As a thought leader, author, educator, and change leadership champion, I write a weekly article that benefits leaders who want to improve their organizations using elements of my Humanist Manufacturing framework.
In recent weeks we have begun to work through the elements of organizational transformation. The work of Dr. John Kotter is the focus where we looked at a macro view of his eight-step change process two weeks ago. Last week was a micro-level view of Accelerator 1, creating a sense of urgency. We look at Accelerator 2 this week on building a guiding coalition.
A guiding coalition made up only of managers—even superb managers who are wonderful people—will cause major change efforts to fail. – Dr. John Kotter
A successful company defines strategic initiatives as coordinated and targeted activities led by a guiding coalition to make transformational vision achievement possible. A quick review of the change process is the 8 Steps to Accelerate Change eBook. The steps are now known as accelerators that include:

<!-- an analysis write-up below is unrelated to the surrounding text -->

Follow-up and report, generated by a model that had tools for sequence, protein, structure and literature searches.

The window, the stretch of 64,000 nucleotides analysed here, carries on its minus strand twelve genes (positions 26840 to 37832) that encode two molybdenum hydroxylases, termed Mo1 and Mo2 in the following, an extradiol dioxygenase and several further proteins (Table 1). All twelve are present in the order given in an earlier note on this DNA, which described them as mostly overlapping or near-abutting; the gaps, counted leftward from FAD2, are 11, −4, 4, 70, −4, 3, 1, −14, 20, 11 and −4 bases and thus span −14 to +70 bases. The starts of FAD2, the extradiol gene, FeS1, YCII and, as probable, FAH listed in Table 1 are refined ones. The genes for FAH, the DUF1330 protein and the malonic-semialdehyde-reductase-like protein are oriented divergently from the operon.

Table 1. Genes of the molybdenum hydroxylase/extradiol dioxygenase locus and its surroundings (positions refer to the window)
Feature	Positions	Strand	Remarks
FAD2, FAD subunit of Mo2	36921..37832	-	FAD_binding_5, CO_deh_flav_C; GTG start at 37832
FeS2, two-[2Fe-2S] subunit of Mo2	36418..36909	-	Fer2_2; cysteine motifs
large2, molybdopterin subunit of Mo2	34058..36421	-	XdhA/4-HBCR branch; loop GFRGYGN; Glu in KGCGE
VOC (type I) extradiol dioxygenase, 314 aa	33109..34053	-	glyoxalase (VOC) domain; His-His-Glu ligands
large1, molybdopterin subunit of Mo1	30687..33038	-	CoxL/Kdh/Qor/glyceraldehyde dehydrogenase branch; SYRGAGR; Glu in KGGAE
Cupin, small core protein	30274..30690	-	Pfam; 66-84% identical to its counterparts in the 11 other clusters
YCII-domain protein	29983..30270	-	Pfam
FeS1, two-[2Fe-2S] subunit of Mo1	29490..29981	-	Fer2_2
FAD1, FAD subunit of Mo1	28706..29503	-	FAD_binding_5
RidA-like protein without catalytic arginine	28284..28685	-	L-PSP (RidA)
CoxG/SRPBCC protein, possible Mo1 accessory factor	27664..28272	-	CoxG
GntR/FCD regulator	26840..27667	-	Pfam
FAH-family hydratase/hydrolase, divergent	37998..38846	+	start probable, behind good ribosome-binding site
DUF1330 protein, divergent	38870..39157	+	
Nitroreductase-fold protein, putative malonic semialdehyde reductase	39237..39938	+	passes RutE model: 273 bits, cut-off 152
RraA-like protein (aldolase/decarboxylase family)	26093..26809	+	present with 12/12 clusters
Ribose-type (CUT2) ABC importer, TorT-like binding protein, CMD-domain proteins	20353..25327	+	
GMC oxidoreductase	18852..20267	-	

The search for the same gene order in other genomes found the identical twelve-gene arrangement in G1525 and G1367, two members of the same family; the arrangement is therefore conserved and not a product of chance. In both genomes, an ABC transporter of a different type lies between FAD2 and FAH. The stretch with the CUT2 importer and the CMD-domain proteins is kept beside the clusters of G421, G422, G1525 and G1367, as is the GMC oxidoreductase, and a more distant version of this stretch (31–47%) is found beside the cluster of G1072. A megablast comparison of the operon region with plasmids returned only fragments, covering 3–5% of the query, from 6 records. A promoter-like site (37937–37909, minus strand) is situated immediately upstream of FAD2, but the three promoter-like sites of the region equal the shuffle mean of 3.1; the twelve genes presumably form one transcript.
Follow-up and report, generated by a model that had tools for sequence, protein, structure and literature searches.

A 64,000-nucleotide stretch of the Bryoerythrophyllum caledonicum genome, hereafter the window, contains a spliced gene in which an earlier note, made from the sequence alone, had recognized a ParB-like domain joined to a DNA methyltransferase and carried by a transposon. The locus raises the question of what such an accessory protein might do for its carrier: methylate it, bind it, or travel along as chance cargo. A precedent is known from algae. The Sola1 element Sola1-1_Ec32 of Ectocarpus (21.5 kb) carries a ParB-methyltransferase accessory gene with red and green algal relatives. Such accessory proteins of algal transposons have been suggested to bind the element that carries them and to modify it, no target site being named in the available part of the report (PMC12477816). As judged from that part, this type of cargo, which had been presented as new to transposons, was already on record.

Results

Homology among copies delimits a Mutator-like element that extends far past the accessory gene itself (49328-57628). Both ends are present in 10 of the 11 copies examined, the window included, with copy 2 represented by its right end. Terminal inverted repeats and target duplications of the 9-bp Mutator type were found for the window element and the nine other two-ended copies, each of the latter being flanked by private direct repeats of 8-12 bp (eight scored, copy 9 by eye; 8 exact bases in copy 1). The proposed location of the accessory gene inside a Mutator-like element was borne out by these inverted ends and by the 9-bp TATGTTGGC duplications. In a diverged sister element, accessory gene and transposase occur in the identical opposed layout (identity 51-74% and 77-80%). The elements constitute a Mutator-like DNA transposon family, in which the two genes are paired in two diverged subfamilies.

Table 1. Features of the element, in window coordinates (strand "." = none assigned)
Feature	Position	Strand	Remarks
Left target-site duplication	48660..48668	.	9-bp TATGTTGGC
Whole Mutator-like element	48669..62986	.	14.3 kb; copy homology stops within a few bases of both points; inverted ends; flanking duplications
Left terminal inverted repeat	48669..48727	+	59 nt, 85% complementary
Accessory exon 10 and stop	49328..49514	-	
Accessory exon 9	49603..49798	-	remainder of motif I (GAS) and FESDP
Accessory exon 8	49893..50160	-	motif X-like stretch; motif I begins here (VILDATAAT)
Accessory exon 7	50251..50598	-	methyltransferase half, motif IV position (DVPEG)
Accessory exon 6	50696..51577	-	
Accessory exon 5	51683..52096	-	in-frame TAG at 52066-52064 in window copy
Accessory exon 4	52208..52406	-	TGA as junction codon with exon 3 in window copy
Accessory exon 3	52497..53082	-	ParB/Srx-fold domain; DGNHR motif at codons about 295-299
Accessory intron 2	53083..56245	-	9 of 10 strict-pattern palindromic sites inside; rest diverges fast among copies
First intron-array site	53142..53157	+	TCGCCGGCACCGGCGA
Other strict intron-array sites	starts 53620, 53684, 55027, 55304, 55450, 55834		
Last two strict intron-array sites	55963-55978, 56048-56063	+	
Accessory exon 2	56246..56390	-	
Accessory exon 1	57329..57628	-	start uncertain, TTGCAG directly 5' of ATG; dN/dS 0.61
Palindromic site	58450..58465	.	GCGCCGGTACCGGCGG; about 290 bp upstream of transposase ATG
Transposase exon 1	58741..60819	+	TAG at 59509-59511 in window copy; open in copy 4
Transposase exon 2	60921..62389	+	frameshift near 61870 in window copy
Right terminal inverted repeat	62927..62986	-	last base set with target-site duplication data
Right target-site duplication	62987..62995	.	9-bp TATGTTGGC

1. Create a sense of urgency
2. Build a guiding coalition
3. Form a strategic vision and initiatives
4. Enlist a volunteer army
5. Enable action by removing barriers
6. Generate short-term wins
7. Sustain acceleration
8. Institute change
Developing a guiding coalition is essential to carrying out transformational change.
The next step we explore is selecting and assessing a guiding leadership coalition. The group's success improves by including the representation of critical stakeholders. Ideally, the people identified as members of the guiding alliance should consist of at least a subset of those involved in the SOAR work. The background knowledge of that work will improve the effectiveness and efficiency of the change process. At the same time, other individuals may be significant additions to the change process phase of the business transformation.